Interview with Anders Manga (The Bloody Hammers)

Recently, I caught up with the lead singer of the Bloody Hammers, Anders Manga, over the phone (and on the air if you caught it!) from his home in North Carolina. We talked about a multitude of things, including his band’s new sound, his previous solo work, his working relationship with his wife, his switch to Napalm records, and his cabin in the middle of nowhere on a mountain in North Carolina, and the Moog factory close by!

The Bloody Hammers new album, Under Satan’s Sun, comes out June 10th in the United States. Look out for this great album and its many Vinyl editions!



Preorder Under Satan’s Sun:

(The following interview was transcribed from a phone interview, and edited for clarity. Listen to the interview here:

Hello Hello, I am Felipe Moreno, Metal Director here at KAMP Student Radio, I’m here on the phone with Anders Manga of the Bloody Hammers. They have a fantastic new album that coming out soon, what’s the name of the album?

Under Satan’s Sun

What inspired you to make Bloody Hammers music more Rock Fuzz sounding, as opposed to your solo work, which is more Goth, synth-type rock?

To me it’s the same, I just replaced the keyboard with a frickin’ guitar. It’s similar as far as the mood and the atmosphere. But maybe that’s just me. I’ve done several electronic things, and dark wave things, death rock things, and I just wanted to do something else. In my younger days I played in hard rock and metal bands, so I was looking to get back to that, and just have some fun.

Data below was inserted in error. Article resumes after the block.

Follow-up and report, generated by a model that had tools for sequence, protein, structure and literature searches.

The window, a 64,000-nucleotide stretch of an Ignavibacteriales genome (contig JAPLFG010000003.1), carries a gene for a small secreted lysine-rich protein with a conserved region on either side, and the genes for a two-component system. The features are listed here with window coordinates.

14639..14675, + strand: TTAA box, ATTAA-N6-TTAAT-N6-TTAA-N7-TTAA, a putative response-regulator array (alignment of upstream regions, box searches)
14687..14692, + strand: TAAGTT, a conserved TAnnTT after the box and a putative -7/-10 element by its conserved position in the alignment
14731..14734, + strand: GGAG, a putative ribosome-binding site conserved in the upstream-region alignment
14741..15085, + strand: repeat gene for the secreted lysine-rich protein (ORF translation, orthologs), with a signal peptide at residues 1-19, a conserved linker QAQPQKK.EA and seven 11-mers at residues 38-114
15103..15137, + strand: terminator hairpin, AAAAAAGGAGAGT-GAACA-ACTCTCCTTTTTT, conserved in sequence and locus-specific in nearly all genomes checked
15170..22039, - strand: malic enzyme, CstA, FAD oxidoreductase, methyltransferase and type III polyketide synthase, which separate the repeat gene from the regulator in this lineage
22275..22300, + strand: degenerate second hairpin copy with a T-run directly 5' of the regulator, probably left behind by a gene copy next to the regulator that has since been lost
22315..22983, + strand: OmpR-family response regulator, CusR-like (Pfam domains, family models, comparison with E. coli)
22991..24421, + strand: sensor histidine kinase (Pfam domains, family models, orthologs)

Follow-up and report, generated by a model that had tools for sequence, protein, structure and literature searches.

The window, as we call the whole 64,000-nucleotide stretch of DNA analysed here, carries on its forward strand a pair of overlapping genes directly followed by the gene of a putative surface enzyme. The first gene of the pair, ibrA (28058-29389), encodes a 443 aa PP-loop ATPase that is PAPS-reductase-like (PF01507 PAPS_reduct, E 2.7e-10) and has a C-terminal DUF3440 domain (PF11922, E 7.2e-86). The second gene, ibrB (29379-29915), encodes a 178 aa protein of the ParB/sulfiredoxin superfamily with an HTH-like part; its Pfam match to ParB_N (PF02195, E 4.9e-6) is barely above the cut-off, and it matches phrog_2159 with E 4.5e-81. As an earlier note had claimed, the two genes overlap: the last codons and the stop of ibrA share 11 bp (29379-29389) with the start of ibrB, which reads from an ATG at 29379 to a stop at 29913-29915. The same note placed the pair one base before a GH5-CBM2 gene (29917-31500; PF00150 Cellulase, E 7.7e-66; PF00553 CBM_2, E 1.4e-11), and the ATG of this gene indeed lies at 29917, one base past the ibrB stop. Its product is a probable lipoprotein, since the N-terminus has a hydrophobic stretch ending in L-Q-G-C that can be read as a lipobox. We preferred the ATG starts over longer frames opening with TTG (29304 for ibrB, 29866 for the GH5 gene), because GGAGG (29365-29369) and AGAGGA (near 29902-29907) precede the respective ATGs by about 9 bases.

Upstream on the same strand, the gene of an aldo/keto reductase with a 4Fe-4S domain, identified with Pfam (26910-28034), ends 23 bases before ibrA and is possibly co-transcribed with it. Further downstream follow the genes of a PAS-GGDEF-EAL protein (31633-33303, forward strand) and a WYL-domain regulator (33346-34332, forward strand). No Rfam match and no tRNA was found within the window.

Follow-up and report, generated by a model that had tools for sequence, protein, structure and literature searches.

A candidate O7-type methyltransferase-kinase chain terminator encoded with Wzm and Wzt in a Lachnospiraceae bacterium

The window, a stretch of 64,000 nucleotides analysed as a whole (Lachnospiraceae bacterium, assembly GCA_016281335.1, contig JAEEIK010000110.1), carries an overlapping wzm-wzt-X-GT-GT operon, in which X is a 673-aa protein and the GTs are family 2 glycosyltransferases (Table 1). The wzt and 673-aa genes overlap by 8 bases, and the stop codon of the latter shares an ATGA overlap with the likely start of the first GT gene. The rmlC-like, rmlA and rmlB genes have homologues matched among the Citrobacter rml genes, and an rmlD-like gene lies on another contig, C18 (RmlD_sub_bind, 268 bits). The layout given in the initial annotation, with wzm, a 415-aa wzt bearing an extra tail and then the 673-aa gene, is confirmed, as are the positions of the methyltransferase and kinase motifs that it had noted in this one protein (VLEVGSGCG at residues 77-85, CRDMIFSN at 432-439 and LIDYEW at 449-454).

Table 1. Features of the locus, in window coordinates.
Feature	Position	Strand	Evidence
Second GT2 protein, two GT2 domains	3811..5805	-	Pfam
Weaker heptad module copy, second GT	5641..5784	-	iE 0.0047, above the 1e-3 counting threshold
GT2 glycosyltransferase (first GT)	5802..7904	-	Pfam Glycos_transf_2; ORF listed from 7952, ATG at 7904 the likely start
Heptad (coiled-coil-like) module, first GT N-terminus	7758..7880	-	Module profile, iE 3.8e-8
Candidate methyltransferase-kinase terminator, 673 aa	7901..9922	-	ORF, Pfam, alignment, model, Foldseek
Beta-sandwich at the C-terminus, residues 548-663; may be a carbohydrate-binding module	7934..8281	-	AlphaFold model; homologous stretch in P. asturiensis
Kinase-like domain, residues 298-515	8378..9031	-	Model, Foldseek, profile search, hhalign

Have you had more fun with this type of music? Have you found you’ve had a greater reception to this as opposed to your solo work?

Yeah, so far, there has definitively been a lot more media outlets and things like that for this type of music. Its all kind of shocking to me, really, because the first Bloody Hammers songs were recorded in my home studio and thrown up on Bandcamp, so I didn’t think anything about it. And then the next day I was getting emails! I got an email from Soulseller records, this Dutch label that wanted to put it out. And I just said, “okay! Put it out!” And I didn’t think much about it. And the ball just kept rolling and rolling! All the vinyls sold out before [the album] was even released. So I was like, “wow this is pretty cool!” It’s different because the other stuff, nobody really listened to (laughs), so the difference is that people are actually listening to this.